Gameplay livestreaming platform Twitch is shaking up how its saves, and deletes, live broadcasts.
The company announced today that it will no longer save everyone’s livestreams as archived videos forever. Instead, it will delete all past broadcasts for nonpaying Twitch members after 14 days. Twitch will save its partners and Turbo premium subscribers’ past broadcasts for 60 days. The site will keep any highlights that players make forever. This change makes sense for Twitch, as most people do not watch archived video. When they do, they tend to find it on the Google-owned YouTube, which is working on a deal to acquire Twitch for $1 billion.
Storing video isn’t cheap, and Twitch noted that 80 percent of its storage capacity is composed of past broadcasts that no one has ever watched. The company also points out that when people do watch archived broadcasts, 84 percent of the time it is within the first 14 days of the clip’s posting.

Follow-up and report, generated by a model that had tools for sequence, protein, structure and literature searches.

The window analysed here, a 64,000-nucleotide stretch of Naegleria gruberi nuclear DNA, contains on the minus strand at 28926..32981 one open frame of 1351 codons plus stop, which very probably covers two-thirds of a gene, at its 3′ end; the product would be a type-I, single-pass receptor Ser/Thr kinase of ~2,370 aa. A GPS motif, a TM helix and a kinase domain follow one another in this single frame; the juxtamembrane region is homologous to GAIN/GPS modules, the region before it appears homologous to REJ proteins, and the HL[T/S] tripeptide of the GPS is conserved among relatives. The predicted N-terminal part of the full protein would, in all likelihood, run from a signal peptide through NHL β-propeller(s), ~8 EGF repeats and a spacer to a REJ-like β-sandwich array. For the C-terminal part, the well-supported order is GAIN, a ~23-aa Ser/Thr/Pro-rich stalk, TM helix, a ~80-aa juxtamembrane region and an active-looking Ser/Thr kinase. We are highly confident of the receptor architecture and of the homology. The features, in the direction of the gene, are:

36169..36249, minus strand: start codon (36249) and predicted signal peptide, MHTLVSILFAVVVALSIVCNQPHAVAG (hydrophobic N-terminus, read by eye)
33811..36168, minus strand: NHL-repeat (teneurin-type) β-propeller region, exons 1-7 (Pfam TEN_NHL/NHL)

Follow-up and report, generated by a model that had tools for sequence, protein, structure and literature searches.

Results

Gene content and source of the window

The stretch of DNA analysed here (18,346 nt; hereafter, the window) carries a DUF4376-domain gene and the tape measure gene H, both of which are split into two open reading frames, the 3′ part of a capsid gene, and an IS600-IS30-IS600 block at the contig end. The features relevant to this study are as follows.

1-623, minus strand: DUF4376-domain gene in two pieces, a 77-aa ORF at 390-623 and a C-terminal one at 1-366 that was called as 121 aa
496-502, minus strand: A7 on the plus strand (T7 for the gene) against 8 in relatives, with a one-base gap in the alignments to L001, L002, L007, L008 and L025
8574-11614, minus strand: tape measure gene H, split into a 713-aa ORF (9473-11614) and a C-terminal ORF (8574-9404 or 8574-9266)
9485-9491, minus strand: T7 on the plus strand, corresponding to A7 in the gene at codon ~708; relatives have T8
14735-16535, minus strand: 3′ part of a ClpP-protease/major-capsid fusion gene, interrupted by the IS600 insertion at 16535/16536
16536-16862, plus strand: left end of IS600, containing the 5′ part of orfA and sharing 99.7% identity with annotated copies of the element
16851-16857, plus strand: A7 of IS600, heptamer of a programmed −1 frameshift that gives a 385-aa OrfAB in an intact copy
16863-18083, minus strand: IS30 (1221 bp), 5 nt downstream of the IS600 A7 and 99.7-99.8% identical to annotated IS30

By dropping the old videos, Twitch is promising to make some big improvements to the quality of its store highlights:
- Higher-quality video for international viewers
- Archived videos that now work on mobile
- Triple redundancy on stored broadcasts to ensure they’re never lost
- A new and easier way to upload highlights to YouTube
- No limit on the YouTube exporter
Twitch also revealed that it is turning off the YouTube exporter today while it makes changes and updates its backend. Expect it to come back online tomorrow.
YouTube, Inc. is a consumer media company for people to watch and share original videos through a Web experience. It allows people to upload, tag, and share personal video clips; browse orig... All YouTube news »
Founded in June 2011 and acquired by Amazon in 2014, Twitch is the world’s leading social video platform and community for gamers. Each month, more than 100 million gather to watch and tal... All Twitch news »